By Allison Corkery and Terry Roethlein
In a new case study, the Center for Economic and Social Rights (CESR) and the Legal Resources Centre (LRC) reflect on a joint project piloting the use of the OPERA framework to analyze implementation in a case on the right to education in South Africa.
Opera in Practice: Strengthening Implementation of Strategic Litigation in South Africa reflects on CESR/LRC piloting of OPERA in Madzodzo v Department of Basic Education, a case about chronic school furniture shortages that was brought by the LRC on behalf of the Centre for Child Law and a number of schools. In Madzodzo, the South African High Court declared that the government’s failure to address protracted delays in providing desperately needed desks and chairs to schools in the Eastern Cape was a violation of the Constitution’s protection of the right to a basic education. However, various rounds of litigation – resulting in multiple agreements, extensions, and a decision from the High Court – had not produced the desired results.
Madzodzo reflects a broader trend in socio-economic rights litigation in South Africa over the past 20 years that has seen courts increasingly ordering “dialogic” remedies—meaning the responsible government agency retains discretion to determine how it will rectify a rights violation. Unfortunately, government agencies have frequently failed to properly implement these types of orders, limiting the transformative potential of strategic litigation on economic and social rights.
“After years of engagement with the education department, thousands of learners continue to spend their days sitting on the floor, or squeezed together at desks that are broken, not designed for their age or otherwise unsuitable,” noted Cameron McConnachie, attorney at the LRC. “In this context, we were eager to explore ways to facilitate more constructive, evidence-based dialogue with the education department, to strengthen accountability for their failure to implement the court’s decisions.”
OPERA, which stands for Outcomes, Policy Efforts, Resources and Assessment, is an analytical framework that supports human rights advocates to use innovative methods for collecting, analyzing and presenting evidence of non-compliance with economic and social rights standards. When combined, the four steps enable a more convincing demonstration of the links between policies on paper and their impact on the ground. The Madzodzo pilot explored its potential for identifying quantitative and qualitative indicators to track progress in implementation and for gathering information on those indicators. This information was used to support follow-up legal proceedings, as well as dialogue on implementation, more broadly.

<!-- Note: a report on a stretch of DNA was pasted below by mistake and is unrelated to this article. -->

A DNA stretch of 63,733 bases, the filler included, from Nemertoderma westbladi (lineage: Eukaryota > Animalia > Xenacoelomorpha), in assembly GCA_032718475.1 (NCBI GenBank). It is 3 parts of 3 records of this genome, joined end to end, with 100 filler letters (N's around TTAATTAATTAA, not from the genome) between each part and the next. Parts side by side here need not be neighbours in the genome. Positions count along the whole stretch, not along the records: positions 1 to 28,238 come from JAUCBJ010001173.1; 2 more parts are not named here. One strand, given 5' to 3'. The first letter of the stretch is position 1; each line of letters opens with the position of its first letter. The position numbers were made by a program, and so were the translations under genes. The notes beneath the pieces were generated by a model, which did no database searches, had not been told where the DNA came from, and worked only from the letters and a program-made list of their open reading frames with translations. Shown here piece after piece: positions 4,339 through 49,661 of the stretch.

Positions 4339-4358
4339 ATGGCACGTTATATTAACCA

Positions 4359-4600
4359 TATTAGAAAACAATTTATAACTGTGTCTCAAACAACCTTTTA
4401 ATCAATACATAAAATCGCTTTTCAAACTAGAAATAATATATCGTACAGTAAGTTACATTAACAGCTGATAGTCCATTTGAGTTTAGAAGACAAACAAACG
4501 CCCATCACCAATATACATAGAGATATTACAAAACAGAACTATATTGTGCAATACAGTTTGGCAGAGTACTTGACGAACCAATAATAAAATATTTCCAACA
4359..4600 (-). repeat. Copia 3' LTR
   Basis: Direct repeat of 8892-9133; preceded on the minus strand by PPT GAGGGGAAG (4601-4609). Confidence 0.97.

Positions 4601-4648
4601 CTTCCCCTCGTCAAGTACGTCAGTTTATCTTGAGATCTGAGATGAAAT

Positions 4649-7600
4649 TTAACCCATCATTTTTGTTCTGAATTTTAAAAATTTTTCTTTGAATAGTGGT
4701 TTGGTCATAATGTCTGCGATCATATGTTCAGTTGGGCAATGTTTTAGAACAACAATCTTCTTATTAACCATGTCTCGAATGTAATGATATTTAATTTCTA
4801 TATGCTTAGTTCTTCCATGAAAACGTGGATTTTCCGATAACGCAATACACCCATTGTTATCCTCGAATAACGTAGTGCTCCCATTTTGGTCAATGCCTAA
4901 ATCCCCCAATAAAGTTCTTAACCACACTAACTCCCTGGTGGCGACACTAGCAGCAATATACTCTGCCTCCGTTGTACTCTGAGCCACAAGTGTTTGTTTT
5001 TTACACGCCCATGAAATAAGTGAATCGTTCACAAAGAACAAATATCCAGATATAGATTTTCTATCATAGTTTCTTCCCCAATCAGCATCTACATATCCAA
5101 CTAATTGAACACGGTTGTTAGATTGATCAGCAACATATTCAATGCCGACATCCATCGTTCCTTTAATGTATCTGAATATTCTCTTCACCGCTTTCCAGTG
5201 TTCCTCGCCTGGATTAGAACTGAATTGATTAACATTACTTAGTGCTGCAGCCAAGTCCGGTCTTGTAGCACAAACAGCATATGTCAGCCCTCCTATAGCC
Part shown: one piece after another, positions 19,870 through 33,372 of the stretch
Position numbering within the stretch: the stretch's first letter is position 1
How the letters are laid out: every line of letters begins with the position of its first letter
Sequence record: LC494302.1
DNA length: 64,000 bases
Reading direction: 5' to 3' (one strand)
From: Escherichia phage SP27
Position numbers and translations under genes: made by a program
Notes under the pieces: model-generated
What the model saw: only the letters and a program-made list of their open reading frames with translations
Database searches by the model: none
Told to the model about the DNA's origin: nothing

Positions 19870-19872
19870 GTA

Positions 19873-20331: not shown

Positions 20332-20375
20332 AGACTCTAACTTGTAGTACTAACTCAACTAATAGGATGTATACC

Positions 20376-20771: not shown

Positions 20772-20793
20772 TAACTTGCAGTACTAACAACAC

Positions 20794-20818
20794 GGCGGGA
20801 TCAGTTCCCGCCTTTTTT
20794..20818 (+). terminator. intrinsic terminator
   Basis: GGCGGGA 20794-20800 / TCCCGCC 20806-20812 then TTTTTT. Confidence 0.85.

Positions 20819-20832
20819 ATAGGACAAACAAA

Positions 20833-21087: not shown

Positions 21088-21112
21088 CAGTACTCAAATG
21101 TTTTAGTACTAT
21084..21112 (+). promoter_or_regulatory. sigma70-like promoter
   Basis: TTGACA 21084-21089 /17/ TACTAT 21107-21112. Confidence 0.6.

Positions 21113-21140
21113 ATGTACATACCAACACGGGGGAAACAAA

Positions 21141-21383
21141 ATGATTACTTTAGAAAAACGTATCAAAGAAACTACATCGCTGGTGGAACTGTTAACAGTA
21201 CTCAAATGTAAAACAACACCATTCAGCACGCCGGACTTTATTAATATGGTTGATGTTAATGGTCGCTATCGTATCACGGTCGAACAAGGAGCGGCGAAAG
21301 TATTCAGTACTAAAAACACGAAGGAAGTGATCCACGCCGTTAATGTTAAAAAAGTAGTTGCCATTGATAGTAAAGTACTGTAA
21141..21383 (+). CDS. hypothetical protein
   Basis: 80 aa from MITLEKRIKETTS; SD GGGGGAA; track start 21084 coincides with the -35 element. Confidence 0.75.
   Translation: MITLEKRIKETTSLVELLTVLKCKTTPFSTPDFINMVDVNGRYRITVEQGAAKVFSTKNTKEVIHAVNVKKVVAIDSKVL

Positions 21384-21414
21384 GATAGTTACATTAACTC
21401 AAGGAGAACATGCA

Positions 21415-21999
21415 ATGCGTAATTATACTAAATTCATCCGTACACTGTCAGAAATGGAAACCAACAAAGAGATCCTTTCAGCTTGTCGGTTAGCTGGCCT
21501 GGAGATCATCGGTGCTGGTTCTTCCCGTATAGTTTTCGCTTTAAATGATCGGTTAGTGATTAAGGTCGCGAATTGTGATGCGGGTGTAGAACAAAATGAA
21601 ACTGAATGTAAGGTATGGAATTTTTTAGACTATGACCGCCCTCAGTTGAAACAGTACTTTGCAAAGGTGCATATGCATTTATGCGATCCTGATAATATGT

CESR and the LRC used OPERA to carry out a rigorous analysis of the documents submitted in the case, finding that up to 40% of all schools in the Eastern Cape were in need of adequate furniture, despite the allocation of approximately R290 million for such goods in the province between 2013 and 2015. Procurement and delivery processes were found to be characterized by irregularities, lengthy delays and poor management. We also found that past solutions failed because they did not address root causes such as poor information management systems on the school, district, provincial and national levels or the absence of furniture as an element in any infrastructure plan for the school system.
Nevertheless, the starkest takeaway from this analysis was the complete unreliability of the education department’s data on school furniture. Our subsequent strategy focused in large part on obtaining better data. We pursued this strategy in a number of ways:
• by providing detailed recommendations to the national and provincial education departments on how to conduct an effective furniture audit, as well as on improving its information management systems;
• by requesting access to relevant databases maintained by the education departments; and
• by experimenting with mobile messaging platforms for communication while gathering information from schools directly.
Interestingly, the pilot project illustrated that the four steps of OPERA could align neatly with the various components of a judicial decision – a discovery that eventually facilitated significant steps towards compliance. In particular, it provided a cohesive system for categorizing, systematizing and, importantly, identifying gaps in the data that had been submitted in the case.
Systematizing that data, in turn, deepened our understanding of the political and structural limitations inhibiting productive operations within the department. The order made by agreement in February 2016 reflects the significant impact of applying OPERA to the case, in that it set out significantly more detailed obligations than previous orders, in terms of remedial actions to be taken. This has yielded greater visibility of the problem; increased the information available about it; and, importantly, helped identify energetic, dedicated officials willing to engage with it.